The persistent difference in productivity between East and West Germany not only results from the relative absence of large firms based in the East as many believe. Companies of all sizes exhibit an East-West productivity gap. The gap is larger in urban regions. Scarcity of skilled labour has emerged as the new barrier to business development. In order to boost productivity, economic policy should avoid additional subsidies that are conditional on creating jobs. Additionally, the potential of East German urban areas should be better explored. Mitigating the shortage in qualified workers requires in-migration of skilled labour from abroad, supported by an open mindset and environment.

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Innovation Cooperation in East and West Germany: A Study on the Regional and Technological Impact

Uwe Cantner Alexander Giebler Jutta Günther Maria Kristalova Andreas Meder

in: International Journal of Computational Economics and Econometrics, forthcoming


In this paper, we investigate the impact of regional and technological innovation systems on innovation cooperation. We develop an indicator applicable to regions, which demonstrates the relative regional impact on innovation cooperation. Applying this method to German patent data, we find that regional differences in the degree of innovation cooperation do not only depend on the technology structure of a region but also on specific regional effects. High-tech oriented regions, whether east or west, are not automatically highly cooperative regions. East German regions have experienced a dynamic development of innovation cooperation since re-unification in 1990. Their cooperation intensity remains higher than in West German regions.

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30 Jahre Aufbau Ost

Steffen Müller

in: Die Treuhandanstalt, 2021


Mit der Verabschiedung des Treuhandgesetzes legte die Volkskammer der DDR die Basis für die Überführung der Plan- in die Marktwirtschaft. Bis heute werden Wirken und Wirkung der Treuhandanstalt zwiespältig eingeschätzt. Ursachen dieses Ungleichgewichts werden auf die Treuhandanstalt zurückgeführt. Der Band versammelt Aufsätze, die einen differierten Gesamtbeitrag zur Historisierung der Treuhandanstalt leisten wollen.

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30 Years after Reunification, Gross Domestic Product has Served its Purpose as an Indicator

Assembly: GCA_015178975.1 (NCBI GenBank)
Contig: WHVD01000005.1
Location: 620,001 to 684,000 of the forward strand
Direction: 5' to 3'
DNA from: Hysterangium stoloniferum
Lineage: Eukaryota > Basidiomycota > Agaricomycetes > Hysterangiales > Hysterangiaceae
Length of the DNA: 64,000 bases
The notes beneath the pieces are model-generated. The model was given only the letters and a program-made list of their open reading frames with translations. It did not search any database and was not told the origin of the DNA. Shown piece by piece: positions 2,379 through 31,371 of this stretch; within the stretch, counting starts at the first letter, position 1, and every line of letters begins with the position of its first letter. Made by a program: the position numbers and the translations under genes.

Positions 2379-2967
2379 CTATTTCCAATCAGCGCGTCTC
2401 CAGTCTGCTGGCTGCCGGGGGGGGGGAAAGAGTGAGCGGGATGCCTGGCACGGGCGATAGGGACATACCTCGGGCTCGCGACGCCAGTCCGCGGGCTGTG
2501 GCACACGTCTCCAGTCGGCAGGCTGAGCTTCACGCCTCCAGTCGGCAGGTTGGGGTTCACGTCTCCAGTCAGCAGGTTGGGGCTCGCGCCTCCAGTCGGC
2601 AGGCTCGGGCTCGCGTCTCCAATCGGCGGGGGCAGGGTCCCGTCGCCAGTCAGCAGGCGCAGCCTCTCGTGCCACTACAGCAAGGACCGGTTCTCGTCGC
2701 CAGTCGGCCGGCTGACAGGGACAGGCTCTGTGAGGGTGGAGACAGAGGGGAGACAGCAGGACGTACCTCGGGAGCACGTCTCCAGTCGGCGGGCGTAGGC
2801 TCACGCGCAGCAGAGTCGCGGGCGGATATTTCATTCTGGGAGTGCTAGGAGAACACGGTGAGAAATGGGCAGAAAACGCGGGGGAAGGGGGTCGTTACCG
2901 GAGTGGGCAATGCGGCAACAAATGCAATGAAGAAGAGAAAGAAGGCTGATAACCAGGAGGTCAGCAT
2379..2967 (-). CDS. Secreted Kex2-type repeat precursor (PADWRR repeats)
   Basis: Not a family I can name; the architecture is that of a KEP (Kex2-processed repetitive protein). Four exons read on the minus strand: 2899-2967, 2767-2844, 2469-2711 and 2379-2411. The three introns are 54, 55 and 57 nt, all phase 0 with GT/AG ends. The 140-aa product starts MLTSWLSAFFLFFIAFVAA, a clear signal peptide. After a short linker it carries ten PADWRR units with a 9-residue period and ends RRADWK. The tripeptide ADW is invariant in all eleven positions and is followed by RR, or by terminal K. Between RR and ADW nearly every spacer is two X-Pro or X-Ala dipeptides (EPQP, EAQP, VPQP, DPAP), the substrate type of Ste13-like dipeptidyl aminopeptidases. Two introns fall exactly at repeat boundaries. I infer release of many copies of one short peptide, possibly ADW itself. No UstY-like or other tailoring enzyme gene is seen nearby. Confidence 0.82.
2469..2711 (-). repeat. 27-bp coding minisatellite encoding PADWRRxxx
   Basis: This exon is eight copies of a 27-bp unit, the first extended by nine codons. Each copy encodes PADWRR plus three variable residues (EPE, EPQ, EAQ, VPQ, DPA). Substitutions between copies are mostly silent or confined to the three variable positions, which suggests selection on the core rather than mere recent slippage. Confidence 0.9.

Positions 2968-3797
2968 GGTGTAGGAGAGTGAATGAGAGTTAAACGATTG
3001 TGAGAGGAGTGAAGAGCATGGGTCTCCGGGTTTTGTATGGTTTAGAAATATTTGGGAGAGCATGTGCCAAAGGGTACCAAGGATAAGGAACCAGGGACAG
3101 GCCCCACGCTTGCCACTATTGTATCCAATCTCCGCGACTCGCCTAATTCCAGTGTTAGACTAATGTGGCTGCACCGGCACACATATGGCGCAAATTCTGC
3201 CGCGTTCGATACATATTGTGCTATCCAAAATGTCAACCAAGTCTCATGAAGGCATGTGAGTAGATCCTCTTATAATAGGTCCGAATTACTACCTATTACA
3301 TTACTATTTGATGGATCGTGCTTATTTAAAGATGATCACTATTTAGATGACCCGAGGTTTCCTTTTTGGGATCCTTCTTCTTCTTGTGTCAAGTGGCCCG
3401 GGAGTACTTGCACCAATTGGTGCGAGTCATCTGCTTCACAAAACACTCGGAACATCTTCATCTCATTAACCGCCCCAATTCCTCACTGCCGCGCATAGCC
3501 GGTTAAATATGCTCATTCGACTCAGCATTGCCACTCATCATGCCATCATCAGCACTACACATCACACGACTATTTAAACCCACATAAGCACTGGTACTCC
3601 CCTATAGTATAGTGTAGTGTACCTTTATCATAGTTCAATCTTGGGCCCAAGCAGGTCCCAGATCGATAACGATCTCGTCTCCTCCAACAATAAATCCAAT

Oliver Holtemöller

in: Wirtschaftsdienst, Konferenzband "30 Jahre Deutsche Einheit", März 2021


The comparison of living conditions in East and West Germany is often based on the gross domestic product per inhabitant. However, this measure is not a good welfare indicator in itself. It can be assumed that, measured by the gross domestic product per inhabitant, there will be no further significant equalisation of economic power in East and West Germany in the foreseeable future. This is because the age structure of East Germany, i.e. the ratio of employed persons to inhabitants, is less favourable than in the West. On the other hand, if one looks at important welfare indicators such as consumption opportunities, life expectancy, leisure time and income inequality, living conditions in East and West Germany are more similar than the gross domestic product per inhabitant suggests. In the debates on the catching-up process of East Germany, more emphasis should therefore be placed on labour productivity as a measure of economic strength and on welfare indicators as a measure of the equalisation of living conditions.

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Did GRW Investment Grants Contribute to the Catching-up of East Germany?

Matthias Brachert Eva Dettmann Lutz Schneider Mirko Titze

in: Wirtschaftsdienst, Konferenzband "30 Jahre Deutsche Einheit", März 2021


The joint task force ‘Improving Regional Economic Structures’ (GRW) is the most important regional policy scheme in Germany and was extensively used to support the economic transformation process in the new states after reunification. The article provides an overview of national and international causal analytical studies on the effects of investment grants. The analysis shows that such programmes have positive effects on development — especially of employment and income. It not only affects the subsidised establishment benefit from this type of support, but the regions as a whole. Even though the studies do not go back to the early 1990s, we can conclude that the GRW contributed to economic development in East Germany — and to the catching-up process.